Don’t test vitamin K levels unless the patient has an abnormal international normalized ratio and does not respond to vitamin K therapy.
|Rationale and Comments:||Measurements of the level of vitamin K in the blood are rarely used to determine if a deficiency exists. Vitamin K deficiency is very rare, but when it does occur, a prolonged prothrombin time and elevated international normalized ratio will result. A diagnosis is typically made by observing the prothrombin time correction following administration of vitamin K, plus the presence of clinical risk factors for vitamin K deficiency.|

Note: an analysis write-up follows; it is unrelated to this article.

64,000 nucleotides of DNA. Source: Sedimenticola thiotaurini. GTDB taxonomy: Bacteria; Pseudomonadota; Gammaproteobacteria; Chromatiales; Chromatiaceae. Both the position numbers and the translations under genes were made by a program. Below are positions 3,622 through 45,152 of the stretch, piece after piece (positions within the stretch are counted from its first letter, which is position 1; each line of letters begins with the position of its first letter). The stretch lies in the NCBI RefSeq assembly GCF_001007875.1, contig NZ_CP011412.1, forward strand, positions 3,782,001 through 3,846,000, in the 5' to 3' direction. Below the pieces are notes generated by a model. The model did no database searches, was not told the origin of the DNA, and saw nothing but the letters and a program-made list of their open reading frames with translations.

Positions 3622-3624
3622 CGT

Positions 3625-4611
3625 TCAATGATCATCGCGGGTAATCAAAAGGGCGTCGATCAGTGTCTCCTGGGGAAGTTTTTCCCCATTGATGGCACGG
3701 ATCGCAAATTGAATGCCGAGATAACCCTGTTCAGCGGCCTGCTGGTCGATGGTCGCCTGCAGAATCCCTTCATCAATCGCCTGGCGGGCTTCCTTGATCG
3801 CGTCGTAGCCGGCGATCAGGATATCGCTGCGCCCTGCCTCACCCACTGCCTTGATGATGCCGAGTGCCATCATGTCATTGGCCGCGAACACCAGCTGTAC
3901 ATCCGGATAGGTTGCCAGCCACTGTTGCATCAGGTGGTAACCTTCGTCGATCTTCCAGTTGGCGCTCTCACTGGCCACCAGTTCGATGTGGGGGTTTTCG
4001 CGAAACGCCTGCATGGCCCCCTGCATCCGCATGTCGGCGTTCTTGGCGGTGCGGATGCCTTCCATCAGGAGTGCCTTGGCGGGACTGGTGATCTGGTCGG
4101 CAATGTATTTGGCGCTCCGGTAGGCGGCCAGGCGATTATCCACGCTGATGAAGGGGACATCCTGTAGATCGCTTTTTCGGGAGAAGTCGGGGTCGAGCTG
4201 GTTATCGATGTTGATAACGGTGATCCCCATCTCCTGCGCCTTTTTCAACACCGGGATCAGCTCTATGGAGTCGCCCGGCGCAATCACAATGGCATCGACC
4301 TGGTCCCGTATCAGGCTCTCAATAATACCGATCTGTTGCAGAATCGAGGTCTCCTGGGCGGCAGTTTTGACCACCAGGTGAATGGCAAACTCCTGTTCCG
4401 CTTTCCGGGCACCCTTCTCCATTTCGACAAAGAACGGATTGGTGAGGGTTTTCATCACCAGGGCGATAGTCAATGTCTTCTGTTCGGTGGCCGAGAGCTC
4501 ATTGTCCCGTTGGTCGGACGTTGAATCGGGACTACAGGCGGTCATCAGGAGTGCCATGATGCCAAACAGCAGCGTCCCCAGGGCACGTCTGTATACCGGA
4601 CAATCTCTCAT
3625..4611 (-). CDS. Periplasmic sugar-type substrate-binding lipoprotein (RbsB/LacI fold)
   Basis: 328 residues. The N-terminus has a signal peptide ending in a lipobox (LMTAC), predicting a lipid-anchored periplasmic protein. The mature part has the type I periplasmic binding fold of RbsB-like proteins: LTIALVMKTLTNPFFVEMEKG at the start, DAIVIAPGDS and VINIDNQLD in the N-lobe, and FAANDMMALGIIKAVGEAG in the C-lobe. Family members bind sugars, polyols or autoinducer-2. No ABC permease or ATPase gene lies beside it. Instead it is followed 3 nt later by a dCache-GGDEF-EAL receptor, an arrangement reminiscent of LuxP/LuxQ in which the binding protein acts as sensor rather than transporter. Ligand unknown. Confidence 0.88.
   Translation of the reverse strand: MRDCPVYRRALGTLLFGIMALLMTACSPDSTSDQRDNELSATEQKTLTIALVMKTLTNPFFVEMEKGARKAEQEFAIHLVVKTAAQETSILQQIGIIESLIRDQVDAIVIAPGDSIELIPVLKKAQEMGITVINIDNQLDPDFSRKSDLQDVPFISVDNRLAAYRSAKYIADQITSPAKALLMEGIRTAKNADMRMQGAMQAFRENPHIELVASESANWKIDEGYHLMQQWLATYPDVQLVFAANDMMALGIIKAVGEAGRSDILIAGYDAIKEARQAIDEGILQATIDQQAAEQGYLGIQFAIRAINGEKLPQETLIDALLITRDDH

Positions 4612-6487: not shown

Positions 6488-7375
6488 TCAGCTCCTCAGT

|References:||• Suttie JW. Vitamin K. In: Machlin L, ed. Handbook of Vitamins. New York, NY: Marcel Dekker; 1984:147.
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